Proceedings of the Simons Conference "Foliation theory in Algebraic Geometry"
Featuring a blend of original research papers and comprehensive surveys from an international team of leading researchers in the thriving fields of foliation theory, holomorphic foliations, and birational geometry, this book presents the proceedings of the conference "Foliation Theory in Algebraic Geometry," hosted by the Simons Foundation in New York City in September 2013.
In the authors's previous work on symmetric differentials and their connection to the topological properties of the ambient manifold, a class of symmetric differentials was introduced: closed symmetric differentials ([BoDeO11] and [BoDeO13]). In this article we give a description of the local structure of closed symmetric 2-differentials on complex surfaces, with an emphasis towards the local decompositions as products of 1-differentials. We show that a closed symmetric 2-differential $w$ of rank 2 (i.e. defines two distinct foliations at the general point) has a subvariety $B_w\subset X$ outside of which $w$ is locally the product of closed holomorphic 1-differentials. The main result, theorem 2.6, gives a complete description of a (locally split) closed symmetric 2-differential in a neighborhood of a general point of $B_w$. A key feature of theorem 2.6 is that closed symmetric 2-differentials still have a decomposition as a product of 2 closed 1-differentials (in a generalized sense) even at the points of $B_w$. The (possibly multi-valued) closed 1-differentials can have essential singularities along $B_w$, but one still has a control on these essential singularities. The essential singularities come from exponentials of meromorphic functions acquiring poles along the irreducible components of $B_w$ of order bounded by the order of contact of the 2 foliations defined by the symmetric 2-differential along that irreducible component. Local structure of closed symmetric 2-differentials.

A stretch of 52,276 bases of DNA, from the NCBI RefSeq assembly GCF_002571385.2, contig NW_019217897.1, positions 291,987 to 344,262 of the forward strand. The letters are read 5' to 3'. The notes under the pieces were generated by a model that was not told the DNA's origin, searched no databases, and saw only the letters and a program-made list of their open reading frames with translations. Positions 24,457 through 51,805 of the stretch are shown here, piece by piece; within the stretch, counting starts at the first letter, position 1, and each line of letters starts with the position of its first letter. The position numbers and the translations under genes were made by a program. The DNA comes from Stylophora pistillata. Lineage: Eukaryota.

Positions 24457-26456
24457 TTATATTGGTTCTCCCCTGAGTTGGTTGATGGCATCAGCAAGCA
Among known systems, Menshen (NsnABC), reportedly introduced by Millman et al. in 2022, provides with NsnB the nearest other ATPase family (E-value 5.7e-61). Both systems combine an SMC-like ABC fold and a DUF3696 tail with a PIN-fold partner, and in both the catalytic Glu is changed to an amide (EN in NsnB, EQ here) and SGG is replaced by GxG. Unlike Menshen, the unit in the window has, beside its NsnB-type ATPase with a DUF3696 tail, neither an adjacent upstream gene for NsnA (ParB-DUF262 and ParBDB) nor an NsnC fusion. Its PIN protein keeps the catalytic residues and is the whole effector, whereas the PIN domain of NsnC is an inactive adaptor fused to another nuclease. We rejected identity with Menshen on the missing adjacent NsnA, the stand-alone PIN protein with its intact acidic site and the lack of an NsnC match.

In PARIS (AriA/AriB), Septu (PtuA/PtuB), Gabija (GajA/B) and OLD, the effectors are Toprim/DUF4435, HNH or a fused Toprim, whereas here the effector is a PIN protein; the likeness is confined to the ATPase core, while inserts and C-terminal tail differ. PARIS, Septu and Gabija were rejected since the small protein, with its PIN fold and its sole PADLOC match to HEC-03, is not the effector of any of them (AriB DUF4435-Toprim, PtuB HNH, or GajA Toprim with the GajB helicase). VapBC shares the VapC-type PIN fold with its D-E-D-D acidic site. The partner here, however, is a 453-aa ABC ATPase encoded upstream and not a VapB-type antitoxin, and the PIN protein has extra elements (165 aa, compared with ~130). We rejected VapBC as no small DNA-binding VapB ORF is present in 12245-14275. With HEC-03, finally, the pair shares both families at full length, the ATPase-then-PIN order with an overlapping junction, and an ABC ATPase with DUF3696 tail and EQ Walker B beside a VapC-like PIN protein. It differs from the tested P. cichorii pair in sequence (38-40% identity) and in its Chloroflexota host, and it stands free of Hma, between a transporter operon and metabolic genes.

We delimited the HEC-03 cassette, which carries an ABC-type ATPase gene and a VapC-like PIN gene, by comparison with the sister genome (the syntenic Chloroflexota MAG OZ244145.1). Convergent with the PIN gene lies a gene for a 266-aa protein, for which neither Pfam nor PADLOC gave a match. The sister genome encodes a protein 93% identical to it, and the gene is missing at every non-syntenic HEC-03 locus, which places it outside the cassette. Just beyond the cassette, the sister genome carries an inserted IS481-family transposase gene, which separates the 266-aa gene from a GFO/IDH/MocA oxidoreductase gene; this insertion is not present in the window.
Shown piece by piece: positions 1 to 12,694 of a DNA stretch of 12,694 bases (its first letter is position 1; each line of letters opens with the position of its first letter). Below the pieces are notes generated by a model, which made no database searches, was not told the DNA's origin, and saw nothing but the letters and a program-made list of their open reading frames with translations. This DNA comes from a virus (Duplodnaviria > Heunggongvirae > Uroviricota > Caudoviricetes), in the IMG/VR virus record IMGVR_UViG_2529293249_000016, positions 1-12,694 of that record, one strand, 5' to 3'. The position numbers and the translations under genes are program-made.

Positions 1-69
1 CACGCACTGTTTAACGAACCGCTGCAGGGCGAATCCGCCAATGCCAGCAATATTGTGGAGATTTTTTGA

This article represents a study of ample subbundles of the tangent sheaf of a variety in a formal neighbourhood of a curve. With the added hypothesis of integrability it is best possible. A particular corollary is Mori’s cone theorem for foliations by curves.